Nietzsche: Philosopher, Psychologist, Antichrist

  title={Nietzsche: Philosopher, Psychologist, Antichrist},
  author={Walter Arnold Kaufmann},
This classic is the benchmark against which all modern books about Nietzsche are measured. When Walter Kaufmann wrote it in the immediate aftermath of World War II, most scholars outside Germany viewed Nietzsche as part madman, part proto-Nazi, and almost wholly unphilosophical. Kaufmann rehabilitated Nietzsche nearly single-handedly, presenting his works as one of the great achievements of Western philosophy. Responding to the powerful myths and countermyths that had sprung up around Nietzsche… 
Wishes of the Heart: Walter Kaufmann, Karl Jaspers, and Disposition in Nietzsche Scholarship
  • David Pickus
  • Psychology, Art
    The Journal of Nietzsche Studies
  • 2007
Without the efforts of Karl Jaspers and Walter Kaufmann, serious Nietzsche scholarship could have been set back at least a generation. Each wrote a “big book” on Nietzsche, one that not only offered
"Slouching Toward Bethlehem to Be Born": On the Nature and Meaning of Nietzsche's Superman
  • M. Gillespie
  • Art, Psychology
    The Journal of Nietzsche Studies
  • 2005
Nietzsche's name in our time has been indelibly linked with four ideas: the death of God, nihilism, the will to power, and the superman. These ideas, however, are not as central to his work as we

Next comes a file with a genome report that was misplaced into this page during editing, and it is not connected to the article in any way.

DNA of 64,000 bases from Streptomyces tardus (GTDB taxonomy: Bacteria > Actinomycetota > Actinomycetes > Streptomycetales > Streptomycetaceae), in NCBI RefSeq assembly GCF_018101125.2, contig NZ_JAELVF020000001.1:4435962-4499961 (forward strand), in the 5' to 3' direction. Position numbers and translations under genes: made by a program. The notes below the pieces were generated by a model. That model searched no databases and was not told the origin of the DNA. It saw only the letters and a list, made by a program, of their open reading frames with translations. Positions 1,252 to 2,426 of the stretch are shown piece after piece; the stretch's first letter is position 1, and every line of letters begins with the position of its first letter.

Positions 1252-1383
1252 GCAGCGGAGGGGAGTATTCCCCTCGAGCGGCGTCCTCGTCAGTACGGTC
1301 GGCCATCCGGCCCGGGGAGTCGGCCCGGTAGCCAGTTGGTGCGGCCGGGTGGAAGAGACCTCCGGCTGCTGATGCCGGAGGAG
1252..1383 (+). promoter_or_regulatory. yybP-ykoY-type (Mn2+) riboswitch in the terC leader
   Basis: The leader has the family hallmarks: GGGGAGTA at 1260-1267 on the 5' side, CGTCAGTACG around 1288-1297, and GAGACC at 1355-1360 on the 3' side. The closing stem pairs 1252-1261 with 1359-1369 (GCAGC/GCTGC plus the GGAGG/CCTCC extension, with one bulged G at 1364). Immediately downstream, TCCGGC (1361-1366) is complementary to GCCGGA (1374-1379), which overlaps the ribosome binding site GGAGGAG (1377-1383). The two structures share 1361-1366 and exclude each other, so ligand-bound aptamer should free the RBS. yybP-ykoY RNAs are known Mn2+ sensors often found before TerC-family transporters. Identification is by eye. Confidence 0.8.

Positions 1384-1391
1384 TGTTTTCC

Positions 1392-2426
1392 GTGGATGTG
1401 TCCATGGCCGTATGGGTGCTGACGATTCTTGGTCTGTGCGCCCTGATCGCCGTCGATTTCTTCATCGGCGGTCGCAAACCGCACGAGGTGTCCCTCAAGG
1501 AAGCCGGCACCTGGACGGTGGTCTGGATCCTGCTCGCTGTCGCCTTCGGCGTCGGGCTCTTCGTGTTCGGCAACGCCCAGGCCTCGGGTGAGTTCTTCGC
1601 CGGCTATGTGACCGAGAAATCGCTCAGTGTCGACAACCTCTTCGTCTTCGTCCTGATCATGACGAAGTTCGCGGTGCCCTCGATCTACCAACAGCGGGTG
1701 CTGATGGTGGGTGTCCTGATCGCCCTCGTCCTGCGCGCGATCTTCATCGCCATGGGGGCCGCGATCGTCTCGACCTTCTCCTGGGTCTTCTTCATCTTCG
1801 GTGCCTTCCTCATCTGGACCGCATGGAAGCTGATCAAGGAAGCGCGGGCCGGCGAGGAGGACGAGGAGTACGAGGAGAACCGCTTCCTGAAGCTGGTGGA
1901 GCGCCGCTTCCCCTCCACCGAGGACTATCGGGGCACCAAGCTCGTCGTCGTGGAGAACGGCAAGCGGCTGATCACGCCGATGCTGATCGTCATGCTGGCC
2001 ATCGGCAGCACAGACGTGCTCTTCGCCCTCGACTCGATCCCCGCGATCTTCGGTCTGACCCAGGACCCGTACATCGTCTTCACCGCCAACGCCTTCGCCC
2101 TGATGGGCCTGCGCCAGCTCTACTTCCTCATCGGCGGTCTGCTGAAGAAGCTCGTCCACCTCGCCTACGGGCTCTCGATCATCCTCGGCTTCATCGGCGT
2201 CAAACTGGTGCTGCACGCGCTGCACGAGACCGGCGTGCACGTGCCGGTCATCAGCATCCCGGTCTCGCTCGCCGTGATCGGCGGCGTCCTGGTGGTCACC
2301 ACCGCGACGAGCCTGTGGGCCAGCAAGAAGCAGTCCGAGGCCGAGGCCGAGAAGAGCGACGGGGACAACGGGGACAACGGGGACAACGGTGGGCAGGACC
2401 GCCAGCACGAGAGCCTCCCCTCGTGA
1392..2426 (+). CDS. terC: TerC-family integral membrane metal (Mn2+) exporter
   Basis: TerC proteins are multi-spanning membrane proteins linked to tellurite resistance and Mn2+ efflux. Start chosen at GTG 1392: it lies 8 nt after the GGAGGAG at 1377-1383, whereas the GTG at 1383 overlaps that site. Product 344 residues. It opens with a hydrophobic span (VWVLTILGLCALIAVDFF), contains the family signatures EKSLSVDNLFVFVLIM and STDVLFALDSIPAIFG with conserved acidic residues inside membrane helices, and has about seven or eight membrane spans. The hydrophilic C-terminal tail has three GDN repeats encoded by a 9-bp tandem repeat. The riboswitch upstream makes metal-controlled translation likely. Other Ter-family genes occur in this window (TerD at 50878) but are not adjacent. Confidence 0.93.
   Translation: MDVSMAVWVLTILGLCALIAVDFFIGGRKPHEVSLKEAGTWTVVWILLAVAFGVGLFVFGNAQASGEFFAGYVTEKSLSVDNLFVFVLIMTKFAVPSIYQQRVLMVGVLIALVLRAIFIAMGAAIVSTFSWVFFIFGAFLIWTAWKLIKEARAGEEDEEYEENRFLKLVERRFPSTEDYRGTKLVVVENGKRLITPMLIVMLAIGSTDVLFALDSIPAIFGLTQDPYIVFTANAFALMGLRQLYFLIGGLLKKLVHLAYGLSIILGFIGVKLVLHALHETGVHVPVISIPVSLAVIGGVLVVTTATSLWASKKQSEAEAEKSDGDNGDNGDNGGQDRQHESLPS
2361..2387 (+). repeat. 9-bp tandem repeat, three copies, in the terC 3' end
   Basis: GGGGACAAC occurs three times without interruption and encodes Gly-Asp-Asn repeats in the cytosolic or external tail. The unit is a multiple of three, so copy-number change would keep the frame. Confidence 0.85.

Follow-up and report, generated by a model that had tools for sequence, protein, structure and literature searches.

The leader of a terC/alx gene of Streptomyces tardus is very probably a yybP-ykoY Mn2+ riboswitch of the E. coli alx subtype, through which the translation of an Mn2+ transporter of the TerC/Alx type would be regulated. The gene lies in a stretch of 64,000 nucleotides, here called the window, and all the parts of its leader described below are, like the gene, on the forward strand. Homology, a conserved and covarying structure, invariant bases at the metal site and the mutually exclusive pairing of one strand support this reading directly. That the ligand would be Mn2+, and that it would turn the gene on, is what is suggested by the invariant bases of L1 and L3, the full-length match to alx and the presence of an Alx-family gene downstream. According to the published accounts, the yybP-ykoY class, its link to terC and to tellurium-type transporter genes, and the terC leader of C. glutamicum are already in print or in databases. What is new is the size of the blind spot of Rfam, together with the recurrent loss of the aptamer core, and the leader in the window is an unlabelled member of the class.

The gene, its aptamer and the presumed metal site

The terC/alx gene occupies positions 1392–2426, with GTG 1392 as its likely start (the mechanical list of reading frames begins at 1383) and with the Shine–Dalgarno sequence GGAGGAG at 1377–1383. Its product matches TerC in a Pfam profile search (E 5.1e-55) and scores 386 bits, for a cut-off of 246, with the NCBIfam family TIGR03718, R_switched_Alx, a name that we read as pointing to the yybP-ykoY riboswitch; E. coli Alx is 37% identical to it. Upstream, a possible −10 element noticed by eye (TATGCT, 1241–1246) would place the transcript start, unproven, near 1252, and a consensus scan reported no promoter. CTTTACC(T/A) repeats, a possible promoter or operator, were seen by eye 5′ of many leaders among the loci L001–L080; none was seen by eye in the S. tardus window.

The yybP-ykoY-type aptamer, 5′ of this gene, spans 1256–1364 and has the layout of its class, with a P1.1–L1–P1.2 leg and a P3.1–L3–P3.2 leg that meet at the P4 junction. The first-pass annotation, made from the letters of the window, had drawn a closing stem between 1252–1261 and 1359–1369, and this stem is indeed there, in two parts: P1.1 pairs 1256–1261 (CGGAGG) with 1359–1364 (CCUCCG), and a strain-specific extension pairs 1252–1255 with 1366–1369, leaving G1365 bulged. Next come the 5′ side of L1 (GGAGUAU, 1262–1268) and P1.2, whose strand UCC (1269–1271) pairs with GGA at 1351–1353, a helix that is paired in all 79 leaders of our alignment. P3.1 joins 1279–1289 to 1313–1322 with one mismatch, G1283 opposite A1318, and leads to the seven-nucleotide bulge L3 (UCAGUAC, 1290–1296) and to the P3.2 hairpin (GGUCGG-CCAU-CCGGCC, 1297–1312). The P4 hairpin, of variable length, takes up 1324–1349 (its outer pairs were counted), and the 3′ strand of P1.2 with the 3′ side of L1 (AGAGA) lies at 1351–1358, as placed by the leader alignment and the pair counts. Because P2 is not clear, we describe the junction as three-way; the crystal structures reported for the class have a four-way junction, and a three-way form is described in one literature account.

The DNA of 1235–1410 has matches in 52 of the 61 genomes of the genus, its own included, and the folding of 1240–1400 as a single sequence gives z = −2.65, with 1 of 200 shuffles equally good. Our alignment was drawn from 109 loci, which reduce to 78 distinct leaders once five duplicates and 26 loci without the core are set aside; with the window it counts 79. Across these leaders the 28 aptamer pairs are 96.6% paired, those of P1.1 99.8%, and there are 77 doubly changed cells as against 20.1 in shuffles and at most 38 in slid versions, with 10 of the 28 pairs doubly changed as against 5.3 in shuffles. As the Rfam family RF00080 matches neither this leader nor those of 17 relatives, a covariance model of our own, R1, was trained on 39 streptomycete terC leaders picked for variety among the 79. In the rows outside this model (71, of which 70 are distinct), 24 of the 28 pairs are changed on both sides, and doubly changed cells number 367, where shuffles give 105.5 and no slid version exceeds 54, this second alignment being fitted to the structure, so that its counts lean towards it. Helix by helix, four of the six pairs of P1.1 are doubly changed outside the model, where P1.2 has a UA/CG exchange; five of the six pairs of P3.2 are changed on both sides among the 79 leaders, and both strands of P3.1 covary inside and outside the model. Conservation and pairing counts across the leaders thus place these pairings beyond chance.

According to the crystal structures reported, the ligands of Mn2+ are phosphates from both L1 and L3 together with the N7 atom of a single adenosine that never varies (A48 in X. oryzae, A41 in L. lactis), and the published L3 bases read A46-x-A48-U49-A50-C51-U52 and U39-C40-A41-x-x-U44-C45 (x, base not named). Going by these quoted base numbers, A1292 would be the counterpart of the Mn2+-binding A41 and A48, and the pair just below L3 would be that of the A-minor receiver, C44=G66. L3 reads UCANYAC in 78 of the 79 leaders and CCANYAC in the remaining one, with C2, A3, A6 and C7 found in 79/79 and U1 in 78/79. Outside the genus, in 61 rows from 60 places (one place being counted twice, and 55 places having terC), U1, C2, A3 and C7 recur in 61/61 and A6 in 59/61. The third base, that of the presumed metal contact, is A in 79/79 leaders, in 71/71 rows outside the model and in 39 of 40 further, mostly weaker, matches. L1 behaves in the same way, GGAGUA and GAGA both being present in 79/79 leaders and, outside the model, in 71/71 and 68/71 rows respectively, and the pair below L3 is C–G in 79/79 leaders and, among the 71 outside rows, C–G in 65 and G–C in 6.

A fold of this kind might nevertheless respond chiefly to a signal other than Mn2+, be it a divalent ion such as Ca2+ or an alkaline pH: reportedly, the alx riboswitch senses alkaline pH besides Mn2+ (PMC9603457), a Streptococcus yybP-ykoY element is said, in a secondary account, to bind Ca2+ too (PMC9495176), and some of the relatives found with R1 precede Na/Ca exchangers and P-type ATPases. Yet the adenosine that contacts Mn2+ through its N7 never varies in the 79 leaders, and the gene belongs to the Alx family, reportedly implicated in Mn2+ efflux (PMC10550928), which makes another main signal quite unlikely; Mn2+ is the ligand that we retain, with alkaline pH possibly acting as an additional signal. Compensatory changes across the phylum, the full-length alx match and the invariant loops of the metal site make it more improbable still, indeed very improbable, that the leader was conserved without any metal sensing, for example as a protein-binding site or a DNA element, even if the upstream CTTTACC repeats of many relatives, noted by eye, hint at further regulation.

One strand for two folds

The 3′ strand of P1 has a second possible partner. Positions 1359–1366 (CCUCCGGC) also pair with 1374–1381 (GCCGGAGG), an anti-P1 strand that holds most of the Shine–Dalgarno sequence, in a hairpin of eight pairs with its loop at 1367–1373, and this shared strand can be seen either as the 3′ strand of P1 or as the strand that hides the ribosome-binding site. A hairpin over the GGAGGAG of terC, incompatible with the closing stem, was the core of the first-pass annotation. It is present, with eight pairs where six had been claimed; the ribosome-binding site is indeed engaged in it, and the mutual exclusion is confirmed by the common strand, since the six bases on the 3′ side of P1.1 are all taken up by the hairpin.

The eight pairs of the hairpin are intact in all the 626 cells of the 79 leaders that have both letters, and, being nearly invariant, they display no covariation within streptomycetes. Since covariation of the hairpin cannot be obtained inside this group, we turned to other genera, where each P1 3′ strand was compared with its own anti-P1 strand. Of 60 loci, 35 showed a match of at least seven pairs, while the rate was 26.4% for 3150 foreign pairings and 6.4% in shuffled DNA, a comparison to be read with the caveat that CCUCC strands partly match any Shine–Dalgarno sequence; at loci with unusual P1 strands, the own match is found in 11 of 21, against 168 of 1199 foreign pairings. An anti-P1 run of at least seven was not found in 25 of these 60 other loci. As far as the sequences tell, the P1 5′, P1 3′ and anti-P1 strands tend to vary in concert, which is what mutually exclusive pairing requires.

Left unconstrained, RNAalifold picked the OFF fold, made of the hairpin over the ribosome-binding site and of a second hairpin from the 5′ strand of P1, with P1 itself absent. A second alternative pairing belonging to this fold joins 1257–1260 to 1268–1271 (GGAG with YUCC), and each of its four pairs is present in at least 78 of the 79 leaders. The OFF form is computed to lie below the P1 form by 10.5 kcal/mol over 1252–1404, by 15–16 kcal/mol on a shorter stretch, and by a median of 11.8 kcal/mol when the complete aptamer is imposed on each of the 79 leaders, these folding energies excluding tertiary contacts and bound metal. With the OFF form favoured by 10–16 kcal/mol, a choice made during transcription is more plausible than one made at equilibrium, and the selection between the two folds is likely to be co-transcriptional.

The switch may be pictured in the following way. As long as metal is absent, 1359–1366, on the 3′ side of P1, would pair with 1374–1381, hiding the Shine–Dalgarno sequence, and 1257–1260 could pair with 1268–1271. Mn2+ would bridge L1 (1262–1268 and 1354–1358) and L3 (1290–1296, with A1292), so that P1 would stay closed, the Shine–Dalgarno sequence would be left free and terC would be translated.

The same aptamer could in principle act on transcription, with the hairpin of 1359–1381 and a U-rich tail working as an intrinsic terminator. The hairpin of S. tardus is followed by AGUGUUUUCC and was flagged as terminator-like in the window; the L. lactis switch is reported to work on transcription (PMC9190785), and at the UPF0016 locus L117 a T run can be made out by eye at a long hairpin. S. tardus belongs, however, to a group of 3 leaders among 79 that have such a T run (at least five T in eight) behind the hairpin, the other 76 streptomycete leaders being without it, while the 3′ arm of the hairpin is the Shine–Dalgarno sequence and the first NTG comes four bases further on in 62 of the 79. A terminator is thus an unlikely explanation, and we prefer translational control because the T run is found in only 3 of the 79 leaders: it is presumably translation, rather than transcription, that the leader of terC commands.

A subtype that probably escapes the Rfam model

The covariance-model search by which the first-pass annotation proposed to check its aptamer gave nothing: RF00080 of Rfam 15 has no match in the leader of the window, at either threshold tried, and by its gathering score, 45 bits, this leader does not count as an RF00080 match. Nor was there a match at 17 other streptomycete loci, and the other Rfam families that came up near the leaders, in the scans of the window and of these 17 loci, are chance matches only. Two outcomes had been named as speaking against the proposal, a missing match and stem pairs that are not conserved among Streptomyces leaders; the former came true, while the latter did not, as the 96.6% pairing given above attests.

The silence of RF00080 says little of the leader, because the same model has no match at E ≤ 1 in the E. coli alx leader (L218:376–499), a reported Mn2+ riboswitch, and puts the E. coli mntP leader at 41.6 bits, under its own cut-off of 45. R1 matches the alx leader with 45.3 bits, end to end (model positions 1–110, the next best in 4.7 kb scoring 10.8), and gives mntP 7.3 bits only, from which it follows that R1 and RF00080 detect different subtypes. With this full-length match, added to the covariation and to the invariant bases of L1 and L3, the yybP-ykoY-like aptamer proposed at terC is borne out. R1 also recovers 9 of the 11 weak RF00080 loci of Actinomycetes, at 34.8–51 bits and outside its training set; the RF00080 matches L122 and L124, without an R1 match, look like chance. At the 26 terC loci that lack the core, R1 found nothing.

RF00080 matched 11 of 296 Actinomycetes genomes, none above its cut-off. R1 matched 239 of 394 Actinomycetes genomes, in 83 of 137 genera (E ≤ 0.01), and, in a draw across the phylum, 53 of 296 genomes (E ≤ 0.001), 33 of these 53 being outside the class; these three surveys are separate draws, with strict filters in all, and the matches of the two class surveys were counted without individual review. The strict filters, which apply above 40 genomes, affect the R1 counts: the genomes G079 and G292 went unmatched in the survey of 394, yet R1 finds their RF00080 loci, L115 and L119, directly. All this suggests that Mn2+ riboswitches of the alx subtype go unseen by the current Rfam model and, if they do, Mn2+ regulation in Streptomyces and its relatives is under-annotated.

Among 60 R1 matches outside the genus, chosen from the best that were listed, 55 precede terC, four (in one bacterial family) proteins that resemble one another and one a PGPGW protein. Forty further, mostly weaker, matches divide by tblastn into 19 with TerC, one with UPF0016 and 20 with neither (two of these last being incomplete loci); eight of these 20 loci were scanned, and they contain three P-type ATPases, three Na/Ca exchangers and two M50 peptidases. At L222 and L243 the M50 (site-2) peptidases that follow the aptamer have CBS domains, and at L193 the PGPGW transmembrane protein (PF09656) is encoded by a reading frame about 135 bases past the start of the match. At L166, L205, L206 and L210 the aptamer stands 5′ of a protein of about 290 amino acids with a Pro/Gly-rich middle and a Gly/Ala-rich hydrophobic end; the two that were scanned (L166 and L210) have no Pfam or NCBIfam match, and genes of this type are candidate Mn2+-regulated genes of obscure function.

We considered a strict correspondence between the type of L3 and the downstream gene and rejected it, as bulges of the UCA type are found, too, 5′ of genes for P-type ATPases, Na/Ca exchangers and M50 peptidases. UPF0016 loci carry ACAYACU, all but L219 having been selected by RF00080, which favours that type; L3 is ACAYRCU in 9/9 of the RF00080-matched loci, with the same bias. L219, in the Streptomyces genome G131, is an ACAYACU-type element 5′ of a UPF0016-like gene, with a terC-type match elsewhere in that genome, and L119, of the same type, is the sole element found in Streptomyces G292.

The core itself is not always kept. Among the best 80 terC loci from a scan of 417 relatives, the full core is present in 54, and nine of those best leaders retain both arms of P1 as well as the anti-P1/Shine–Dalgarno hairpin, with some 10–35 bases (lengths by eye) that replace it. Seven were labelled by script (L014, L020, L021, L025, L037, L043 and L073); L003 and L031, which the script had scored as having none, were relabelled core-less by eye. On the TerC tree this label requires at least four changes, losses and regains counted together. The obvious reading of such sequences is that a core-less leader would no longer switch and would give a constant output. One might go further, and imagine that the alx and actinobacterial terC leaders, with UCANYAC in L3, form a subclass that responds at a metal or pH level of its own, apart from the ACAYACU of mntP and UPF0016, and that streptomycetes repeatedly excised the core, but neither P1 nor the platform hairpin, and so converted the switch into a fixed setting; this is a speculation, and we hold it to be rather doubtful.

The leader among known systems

After Montinari: On Nietzsche Philology
Nietzsche wrote in Human, All Too Human: "The worst readers are those who behave like plundering troops: they take away a few things they can use, dirty and confound the remainder, and revile the
The Soul of Nietzsche's Beyond Good and Evil
This book presents a provocative new interpretation of Beyond Good and Evil, arguably Nietzsche's most important work. The problem is that it appears to express merely a loosely connected set of
Nietzsche’s Eternal Return: Unriddling the Vision, A Psychodynamic Approach
Abstract This essay is an interpretation of Nietzsche’s enigmatic idea of the Eternal Return of the Same in the context of his life rather than of his philosophy. Nietzsche never explained his
Nietzschean Constructivism: Ethics and Metaethics for All and None
Abstract This paper develops an interpretation of Nietzsche’s ethics and metaethics that reconciles his apparent antirealism with his engagement in normative discourse. Interpreting Nietzsche as a
Nietzsche's philosophy of religion
In his first book, The Birth of Tragedy, Nietzsche observes that Greek tragedy gathered people together as a community in the sight of their gods, and argues that modernity can be rescued from
The Many and the One: The Ontological Multiplicity and Functional Unity of the Person in the Later Nietzsche
in his massive study of Nietzsche's psychological theory and anthro pology, Graham Parkes argues that sufficient attention has not been paid to Nietzsche s theory of the drives and affects
Were Nietzsche’s Cardinal Ideas – Delusions?
Abstract Nietzsche’s cardinal ideas - God is Dead, Übermensch and Eternal Return of the Same – are approached here from the perspective of psychiatric phenomenology rather than that of philosophy. A